Monday, 21 November 2011
Directed by Sevé Schelenz
Written by Sevé Schelenz
Stars Rob Scattergood, Amber Lewis, Richard Olak
Release: Currently streaming on Netflix
First time director Sevé Schlelenz was good enough to send me a screener copy of his found footage fright fest Skew. The trailer for the movie is really awesome (check it out!) so I was very happy to have the chance to see it for myself and review it. A mind bending 80 minutes of psychological horror and inexplicable events, Skew will certainly have you talking after its final moments.
As quoted in the package sent to me, Skew is a movie five years in the making, a product imagined long before the likes of Paranormal Activity and the string of similar movies that released in its wake. Telling the story of close friends Rich, Eva and Simon, audiences are taken on a journey that starts off more light hearted (although with a layer of tension between two characters) and builds up to a climax of paranoia and fear. It seems our cameraman Simon wants to document the entire trip, which is on route to a friends wedding. He won't allow himself to be filmed but is only too happy to annoy his friends with his self made show. Eva, the only girl in the group, is adverse to this from the start and it is this coupled with a personal issue she has with Simon which begins the fragmentation on the group. Matters only serve to get worse when Simon begins to notice faces of people they encounter along the way are showing up horribly distorted. It's not long after this that those captured on film die in mysterious circumstances, causing Simons enthusiasm with his camera to spiral into an unhealthy obsession. So what is actually happening here and why does Simon very much appear to be a trigger for it? No matter what his friends do or do not believe its soon clear they are growing more and more unnerved by Simon and his camera.
I will admit this film got to me. I'm still thinking it over and over in my head and I don't see that as a negative thing at all. See, Skew is not a film that is happy to give you easy answers. I will admit with shamed face that I completely missed an all important point in the movies final scene. I think this is because I was trying too hard to see something and therefore didn't appreciate what was right in front of me. It wasn't until I looked elsewhere for answers that I realised what I was missing...my first reaction was 'holy shit!' and subsequently made me question everything I had just seen (and now still am!). I told Sevé that I need to re-watch Skew to pick up clues I may have missed and I have to say I can't wait to do so. Hopefully you won't be quite so silly as me not to notice the chilling truth reflected in the movies final scene, but I would bet that many viewers will benefit from going back on themselves to spot those all important puzzle pieces.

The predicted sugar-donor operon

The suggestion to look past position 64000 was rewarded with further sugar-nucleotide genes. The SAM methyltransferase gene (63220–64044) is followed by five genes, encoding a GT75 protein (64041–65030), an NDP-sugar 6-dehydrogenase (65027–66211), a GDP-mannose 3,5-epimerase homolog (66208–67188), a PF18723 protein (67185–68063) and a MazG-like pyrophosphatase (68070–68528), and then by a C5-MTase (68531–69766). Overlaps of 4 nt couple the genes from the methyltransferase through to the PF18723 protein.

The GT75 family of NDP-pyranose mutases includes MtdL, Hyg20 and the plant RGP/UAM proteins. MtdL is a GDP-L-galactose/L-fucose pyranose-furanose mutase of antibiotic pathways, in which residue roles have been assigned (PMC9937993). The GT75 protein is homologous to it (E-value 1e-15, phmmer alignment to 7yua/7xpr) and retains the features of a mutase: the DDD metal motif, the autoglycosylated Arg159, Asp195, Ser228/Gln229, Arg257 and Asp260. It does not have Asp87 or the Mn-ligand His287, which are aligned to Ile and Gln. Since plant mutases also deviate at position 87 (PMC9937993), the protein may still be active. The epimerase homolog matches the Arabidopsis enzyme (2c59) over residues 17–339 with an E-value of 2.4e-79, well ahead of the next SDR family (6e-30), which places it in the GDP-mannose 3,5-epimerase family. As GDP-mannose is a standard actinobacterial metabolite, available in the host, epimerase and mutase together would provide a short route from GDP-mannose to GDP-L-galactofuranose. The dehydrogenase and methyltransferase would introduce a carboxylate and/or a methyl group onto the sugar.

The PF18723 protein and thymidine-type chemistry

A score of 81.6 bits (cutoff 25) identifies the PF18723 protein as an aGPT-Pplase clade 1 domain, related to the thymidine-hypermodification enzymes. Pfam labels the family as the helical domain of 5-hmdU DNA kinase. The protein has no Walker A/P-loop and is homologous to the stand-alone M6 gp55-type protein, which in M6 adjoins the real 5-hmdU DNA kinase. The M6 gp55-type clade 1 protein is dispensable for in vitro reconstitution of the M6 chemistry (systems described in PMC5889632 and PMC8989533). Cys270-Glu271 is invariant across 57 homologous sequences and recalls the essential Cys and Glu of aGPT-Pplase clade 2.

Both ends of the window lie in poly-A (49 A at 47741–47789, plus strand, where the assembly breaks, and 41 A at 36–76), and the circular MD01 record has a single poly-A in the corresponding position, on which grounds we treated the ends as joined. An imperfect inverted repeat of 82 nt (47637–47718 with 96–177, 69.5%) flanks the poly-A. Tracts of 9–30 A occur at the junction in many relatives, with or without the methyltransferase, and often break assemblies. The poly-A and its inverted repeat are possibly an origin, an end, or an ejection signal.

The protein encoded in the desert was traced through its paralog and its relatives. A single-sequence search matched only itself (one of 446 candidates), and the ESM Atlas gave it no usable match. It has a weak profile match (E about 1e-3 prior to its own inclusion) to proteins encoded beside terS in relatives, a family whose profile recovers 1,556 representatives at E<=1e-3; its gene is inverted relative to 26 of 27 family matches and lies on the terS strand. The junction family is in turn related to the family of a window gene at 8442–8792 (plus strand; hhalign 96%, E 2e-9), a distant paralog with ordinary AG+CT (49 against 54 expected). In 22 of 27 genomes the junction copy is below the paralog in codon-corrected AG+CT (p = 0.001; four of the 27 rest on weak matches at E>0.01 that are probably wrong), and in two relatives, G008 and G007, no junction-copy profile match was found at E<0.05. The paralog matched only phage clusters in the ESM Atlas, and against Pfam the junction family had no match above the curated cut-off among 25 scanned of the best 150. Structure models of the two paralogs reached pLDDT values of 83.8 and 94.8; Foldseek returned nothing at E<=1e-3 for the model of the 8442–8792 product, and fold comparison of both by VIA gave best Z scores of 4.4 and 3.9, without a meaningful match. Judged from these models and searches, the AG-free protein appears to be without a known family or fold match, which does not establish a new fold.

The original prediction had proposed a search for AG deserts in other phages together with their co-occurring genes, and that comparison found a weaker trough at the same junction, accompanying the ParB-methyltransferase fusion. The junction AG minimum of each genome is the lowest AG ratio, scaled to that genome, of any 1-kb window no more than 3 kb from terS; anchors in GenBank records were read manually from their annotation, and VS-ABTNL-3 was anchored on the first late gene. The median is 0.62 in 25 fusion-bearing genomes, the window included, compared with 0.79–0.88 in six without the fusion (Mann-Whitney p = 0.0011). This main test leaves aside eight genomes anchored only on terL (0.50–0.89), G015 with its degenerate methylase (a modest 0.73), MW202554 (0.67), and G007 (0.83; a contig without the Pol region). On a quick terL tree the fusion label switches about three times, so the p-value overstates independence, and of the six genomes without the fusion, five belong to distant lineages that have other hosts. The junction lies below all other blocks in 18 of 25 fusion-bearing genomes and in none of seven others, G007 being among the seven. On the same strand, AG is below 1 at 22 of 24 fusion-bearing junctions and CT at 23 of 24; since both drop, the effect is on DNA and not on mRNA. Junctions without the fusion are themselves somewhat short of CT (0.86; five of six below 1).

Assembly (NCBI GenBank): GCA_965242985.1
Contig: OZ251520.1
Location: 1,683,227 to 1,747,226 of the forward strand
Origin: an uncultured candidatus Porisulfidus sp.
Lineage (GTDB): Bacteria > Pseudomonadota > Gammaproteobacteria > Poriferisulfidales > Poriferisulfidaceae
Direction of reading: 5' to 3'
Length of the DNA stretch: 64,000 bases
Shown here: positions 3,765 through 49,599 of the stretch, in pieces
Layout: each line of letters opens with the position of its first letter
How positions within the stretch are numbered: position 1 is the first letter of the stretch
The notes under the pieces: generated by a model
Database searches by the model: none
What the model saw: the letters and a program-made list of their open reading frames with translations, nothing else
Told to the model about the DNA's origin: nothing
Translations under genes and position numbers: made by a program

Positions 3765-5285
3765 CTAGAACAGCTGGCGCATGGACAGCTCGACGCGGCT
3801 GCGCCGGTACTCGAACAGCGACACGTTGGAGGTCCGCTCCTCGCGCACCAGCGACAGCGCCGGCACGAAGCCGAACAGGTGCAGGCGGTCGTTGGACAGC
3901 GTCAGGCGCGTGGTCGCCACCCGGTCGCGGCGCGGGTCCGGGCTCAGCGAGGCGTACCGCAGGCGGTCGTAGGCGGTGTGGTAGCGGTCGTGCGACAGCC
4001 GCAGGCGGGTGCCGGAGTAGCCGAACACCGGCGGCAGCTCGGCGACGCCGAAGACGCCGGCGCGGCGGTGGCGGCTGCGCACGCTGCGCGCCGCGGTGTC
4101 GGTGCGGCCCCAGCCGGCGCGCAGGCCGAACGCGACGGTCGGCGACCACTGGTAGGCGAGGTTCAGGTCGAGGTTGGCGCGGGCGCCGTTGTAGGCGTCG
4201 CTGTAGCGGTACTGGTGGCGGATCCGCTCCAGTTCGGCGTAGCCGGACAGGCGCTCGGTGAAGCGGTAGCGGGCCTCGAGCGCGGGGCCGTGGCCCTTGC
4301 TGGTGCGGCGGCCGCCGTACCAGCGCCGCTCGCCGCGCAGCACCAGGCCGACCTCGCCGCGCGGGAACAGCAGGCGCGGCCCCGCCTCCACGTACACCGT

In terms of scares Skew excels in a few places. There is a scene in a field that truly unnerved me, followed by an all mighty jump scare. There is also a scene in a police station that literally made me swear in surprise. Probably what frightened me the most in this movie though was the ever escalating change in Simons character and possibly feeling as weary of him as his friends did!
The acting in the film was great. I was really impressed by Amber Lewis as Eva. She was very natural in her role as the fed up but ultimately kind girlfriend to Rich and friend to Simon and when her role required a bit more grit she really stepped up to the plate. I enjoyed Richard Olaks role as Rich. As best friend to Simon he did a great job of acting tied between his buddy and girlfriend and the scenes where he finally cracks were most impressive. Although he doesn't really appear on screen, as mentioned before the character of Simon disturbed me so a great job to Rob Scattergood for having such presence without actually showing his face!The writing is also top notch here as the dialogue between the three friends, particularly when tacking personal issues between the three is always believeable.
I guess my main criticism was the lack of solid answers related to the events of the movie. I don't always need everything spoon fed to me so it's actually not a bad thing that I am still processing the outcome of the movie, but I do feel some people may struggle with the ambiguity of the film.
To surmise, skew is a taut, chilling and thought-provoking found footage horror film. I highly recommend watching this one and if you're lucky enough to be in the USA you can stream it right now on Netflix. Otherwise keep a look out for an official DVD release hopefully in the near future. Also keep your eyes peeled for an interview here soon with Skews writer/director Mr Sevé Schelenz!